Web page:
On Tuesday, House Speaker John Boehner broke months of silence by finally endorsing Mitt Romney for president. Boehner said he would do “everything [he] can to help [Romney] win.”
For most of the primary season, Boehner refused to offer an official endorsement. He had been shifty and oblique in his responses to the endorsement question until Tuesday, even though with the Republican primary functionally over, Mitt Romney has been the inevitable GOP nominee for several weeks.
Romney has also already nabbed several key endorsements over the year, from House Majority Leader Eric Cantor to New Jersey Gov. Chris Christie. Most recently, Indiana Gov. Mitch Daniels, himself a former 2012 potential, offered his support as well.
While Boehner cited the professionalism required by his upcoming role as chairman of the Republican National Convention as the principal reason for his prolonged silence, the reality may be more nuanced. Internal House power relations and personal dislike may, in fact, be major contributing factors.
Last month, I predicted an upcoming Boehner vs. Cantor feud based in large part on the circumstances surrounding former House Speaker and current – if hopeless – presidential candidate Newt Gingrich’s tumultuous years in the top House leadership position. Indeed, the tension between Boehner and his top lieutenant is far from secret, and regardless of whether the GOP is successful in unseating President Barack Obama in 2012, the mutual unease between the two may transform into overt hostility.
Cantor, widely believed to have his eyes on the speakership – and eventually the presidency – endorsed Romney over a month ago. Quite possibly, Boehner sought to further distance himself from the outspoken Majority Leader (who has found himself in trouble for controversial endorsements of late) until it was abundantly clear that Romney would be the nominee. Maintaining an air of civility and maturity during what was widely seen as a circus of a primary helped Boehner preserve his image as the wise statesman while younger, more volatile Republican officials threw their support behind various candidates. Additionally, had Boehner endorsed Romney early, he would have run the risk of appearing foolish if Santorum capitalized on his momentum – after all, the former Pennsylvania senator did win 11 states.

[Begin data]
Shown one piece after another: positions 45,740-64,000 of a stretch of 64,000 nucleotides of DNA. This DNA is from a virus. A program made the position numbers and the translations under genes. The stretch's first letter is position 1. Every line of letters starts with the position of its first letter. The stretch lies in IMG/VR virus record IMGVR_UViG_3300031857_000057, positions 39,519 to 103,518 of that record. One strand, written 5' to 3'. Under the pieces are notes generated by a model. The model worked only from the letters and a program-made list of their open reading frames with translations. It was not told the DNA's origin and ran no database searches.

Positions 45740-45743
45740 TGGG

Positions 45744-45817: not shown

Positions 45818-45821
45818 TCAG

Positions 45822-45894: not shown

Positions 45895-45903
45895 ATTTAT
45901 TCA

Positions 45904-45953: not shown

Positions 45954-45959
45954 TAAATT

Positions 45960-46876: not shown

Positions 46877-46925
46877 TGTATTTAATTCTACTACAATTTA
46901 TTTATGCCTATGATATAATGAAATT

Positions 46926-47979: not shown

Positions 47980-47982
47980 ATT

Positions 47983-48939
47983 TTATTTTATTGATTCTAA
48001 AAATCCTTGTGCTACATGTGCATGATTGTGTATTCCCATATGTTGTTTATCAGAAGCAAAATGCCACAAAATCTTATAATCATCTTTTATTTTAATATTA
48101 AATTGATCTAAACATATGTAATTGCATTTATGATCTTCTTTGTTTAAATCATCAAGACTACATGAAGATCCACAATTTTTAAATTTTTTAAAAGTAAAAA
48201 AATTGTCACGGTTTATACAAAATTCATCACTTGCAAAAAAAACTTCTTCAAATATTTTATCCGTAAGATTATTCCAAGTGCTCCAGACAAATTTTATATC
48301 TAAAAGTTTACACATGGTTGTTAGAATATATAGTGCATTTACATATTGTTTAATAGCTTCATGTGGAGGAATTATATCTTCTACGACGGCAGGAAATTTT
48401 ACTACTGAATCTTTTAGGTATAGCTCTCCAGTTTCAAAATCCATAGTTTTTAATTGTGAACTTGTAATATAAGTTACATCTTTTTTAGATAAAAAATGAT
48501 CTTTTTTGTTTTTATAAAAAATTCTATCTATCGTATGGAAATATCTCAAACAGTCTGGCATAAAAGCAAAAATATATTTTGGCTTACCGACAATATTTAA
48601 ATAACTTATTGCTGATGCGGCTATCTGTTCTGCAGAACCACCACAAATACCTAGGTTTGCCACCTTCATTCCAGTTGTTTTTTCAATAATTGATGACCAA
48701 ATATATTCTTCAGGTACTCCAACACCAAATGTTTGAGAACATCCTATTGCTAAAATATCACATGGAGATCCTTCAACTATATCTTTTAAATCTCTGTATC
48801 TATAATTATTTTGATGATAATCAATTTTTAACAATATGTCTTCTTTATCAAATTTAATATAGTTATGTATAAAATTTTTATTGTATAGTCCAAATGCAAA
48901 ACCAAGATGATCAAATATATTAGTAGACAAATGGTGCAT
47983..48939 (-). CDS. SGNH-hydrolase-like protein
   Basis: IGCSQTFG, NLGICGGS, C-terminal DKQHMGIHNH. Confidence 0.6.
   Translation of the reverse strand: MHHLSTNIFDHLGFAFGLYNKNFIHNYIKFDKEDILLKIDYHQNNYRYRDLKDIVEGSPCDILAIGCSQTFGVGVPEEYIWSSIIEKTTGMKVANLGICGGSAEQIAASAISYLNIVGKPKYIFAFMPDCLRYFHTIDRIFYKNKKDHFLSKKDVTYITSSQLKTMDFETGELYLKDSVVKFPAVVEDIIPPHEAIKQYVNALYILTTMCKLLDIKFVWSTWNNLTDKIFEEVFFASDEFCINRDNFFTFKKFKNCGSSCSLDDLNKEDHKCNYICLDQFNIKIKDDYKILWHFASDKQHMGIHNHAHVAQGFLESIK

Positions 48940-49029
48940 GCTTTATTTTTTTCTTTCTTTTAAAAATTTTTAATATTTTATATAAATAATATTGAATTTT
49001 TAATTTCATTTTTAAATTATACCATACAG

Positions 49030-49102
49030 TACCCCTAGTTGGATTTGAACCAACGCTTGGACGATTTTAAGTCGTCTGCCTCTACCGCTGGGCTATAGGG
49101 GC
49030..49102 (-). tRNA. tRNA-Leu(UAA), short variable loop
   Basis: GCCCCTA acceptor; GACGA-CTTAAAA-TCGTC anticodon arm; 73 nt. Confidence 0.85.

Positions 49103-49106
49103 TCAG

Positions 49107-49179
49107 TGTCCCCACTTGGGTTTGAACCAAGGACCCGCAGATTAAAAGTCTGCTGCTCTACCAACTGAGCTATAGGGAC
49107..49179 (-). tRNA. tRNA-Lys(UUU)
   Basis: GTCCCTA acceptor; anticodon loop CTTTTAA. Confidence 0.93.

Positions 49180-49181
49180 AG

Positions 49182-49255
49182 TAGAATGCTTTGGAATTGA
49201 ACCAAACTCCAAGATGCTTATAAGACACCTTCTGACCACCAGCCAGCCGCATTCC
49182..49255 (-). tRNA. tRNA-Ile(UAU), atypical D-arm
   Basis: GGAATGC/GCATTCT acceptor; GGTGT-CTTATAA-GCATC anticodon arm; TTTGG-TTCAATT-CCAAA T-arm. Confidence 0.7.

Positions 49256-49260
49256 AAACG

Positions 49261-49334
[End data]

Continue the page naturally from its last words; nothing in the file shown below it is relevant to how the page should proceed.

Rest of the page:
Another reason for Boehner’s delay may be his relationship with the former Massachusetts governor. Although both are considered members of the GOP pre-Tea Party old guard, lately the two have faced some differences. Boehner, generally a bastion of politeness, subtly rebuked Romney for his harsh criticisms of Obama while abroad. It was an interesting move for Boehner, rooted either in the understanding of Romney’s electability and the corresponding necessity for professional conduct, or in a fundamental unease with the slick presidential hopeful. Either way, the reprimand is a reminder that if and until Romney occupies the White House, Boehner is nominally the face of the party.
By now, of course, Boehner’s endorsement is more symbolic than anything, considering Romney’s inevitability as nominee. But shackled as he is by the demands of vocal House Republicans, particularly the largely Tea Party freshmen, and faced with what was up until recently an incompetent crop of presidential contenders, Boehner finds himself in a unique position. He is correct in acknowledging the necessity for fairness in his dual role as Speaker and chairman of the RNC , but there is some political calculus involved as well. If Romney loses in November, Boehner formally remains the most powerful Republican in the country. But, a victorious Romney, who has had tensions with the Speaker, may be the opening Cantor needs to initiate a power grab. Obviously, as a Republican, Boehner wants a Republican president, but the personal stakes involved demand careful treading for the scrutinized Speaker.